Jury recommendations conclude Thunder Bay inquiry of First Nations student deaths

THUNDER BAY — The inquiry into the sudden deaths of seven northern Ontario First Nations high school students concluded Tuesday, ruling that four of the student deaths were undetermined.

Jethro Anderson, 15, Curran Strang, 18, Robyn Harper, 19, Paul Panacheese, 21, Reggie Bushie, 15, Kyle Morrisseau, 17 and Jordan Wabasse all left their home reserves and travelled to Thunder Bay for highschool. All seven died while in Thunder Bay.

The deaths of Anderson, Panacheese, Morrisseau and Wabasse were deemed “undetermined”.

“‘Undetermined’ in respect of three of five of the drowning deaths sends a clear message that the police investigations were deeply flawed,” said lawyer for the Nishnawbe Askii Nation Julian Falconer.

The jury submitted a total of 145 recommendations – specifically surrounding the police investigation following the death of indigenous youth — calling for an increased use of social media and training for Thunder Bay police in dealing with similar situations.

A number of the recommendations were aimed at provincial and federal governments to increase funding for high school education on reserves in the remote north.

The inquest examined the circumstances surrounding the indigenous student’s deaths from 2000-2011.

All students came to Thunder Bay for school and stayed with host families during their stay. All students had to travel from their home reserve communities that had no formal high schools for the students to attend, forcing them to leave their families.

Lawyers for the 11 parties represented at the inquest submitted a joint slate of 118 suggested recommendations to the jury last month, including creating high schools in all First Nations communities so teens wouldn’t have to leave their families and homes to get an education.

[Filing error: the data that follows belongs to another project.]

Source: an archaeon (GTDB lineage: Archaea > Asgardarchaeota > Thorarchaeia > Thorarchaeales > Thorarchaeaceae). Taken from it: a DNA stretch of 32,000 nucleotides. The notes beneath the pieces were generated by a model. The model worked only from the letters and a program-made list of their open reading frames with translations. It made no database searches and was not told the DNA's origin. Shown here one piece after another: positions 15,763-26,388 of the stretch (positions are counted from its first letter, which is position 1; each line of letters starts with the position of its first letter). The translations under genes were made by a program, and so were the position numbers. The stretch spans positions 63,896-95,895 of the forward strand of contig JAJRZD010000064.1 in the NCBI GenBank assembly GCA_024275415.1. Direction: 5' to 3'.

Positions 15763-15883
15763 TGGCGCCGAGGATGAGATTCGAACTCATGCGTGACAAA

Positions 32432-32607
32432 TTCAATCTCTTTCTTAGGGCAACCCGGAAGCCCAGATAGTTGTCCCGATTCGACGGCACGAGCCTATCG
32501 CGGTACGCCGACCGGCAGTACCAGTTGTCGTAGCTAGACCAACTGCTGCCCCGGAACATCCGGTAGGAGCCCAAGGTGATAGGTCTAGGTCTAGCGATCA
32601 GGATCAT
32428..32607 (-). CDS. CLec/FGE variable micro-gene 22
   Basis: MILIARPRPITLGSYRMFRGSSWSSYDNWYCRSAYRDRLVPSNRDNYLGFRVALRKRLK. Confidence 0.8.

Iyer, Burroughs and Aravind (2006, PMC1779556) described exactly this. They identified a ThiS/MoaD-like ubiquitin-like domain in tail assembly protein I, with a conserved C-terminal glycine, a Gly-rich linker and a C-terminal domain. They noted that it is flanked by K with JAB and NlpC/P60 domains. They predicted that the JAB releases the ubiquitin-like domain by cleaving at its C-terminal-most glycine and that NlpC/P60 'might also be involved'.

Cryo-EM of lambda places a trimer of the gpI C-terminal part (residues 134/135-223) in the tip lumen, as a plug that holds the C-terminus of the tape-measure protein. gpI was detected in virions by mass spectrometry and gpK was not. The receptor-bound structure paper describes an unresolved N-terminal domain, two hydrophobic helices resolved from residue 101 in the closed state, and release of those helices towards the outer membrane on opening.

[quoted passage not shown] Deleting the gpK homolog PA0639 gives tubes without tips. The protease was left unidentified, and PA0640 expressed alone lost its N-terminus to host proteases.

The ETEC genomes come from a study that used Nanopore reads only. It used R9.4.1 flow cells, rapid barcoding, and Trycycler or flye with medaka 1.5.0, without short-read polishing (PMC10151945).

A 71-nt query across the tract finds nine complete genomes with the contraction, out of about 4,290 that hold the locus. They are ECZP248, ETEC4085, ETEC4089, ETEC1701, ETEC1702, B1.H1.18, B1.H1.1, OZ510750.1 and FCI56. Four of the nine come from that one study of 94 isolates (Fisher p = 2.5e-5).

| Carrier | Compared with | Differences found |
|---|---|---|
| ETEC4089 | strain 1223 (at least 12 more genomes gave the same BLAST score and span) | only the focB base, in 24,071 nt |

Ontario Regional Chief Isadore Day said the recommendations will inform the relationship between First Nation families and municipalities across the province.

“The findings are crucial to understanding the underlying issues that our youth are faced with when attending school in urban centres,” said Day. “One of the key recommendations is the importance of maintaining culture and familial ties which is the same recommendation that we heard in the Truth and Reconciliation Commission’s Calls To Action.”

The Ontario First Nations Young Peoples Council has been participating in the inquest and has worked closely with the Nishnawbe Aski Nation, representatives for the families of the seven youth, and other parties relevant to the inquest.

“We hope by listening and taking part in this phase of the Inquest we will be further ahead in not only understanding this issue but repairing it,” said Quinn Meawasige of the OFNYPC. “The government has neglected on-reserve education for decades and so students leave the reserve unprepared and vulnerable – it is so unfair. As outlined in article 14 of the UNDRIP, First Nations youth deserve opportunities to all levels of education without any discrimination from the state. First Nations youth deserve the same opportunities as other Canadian children.”

Related Posts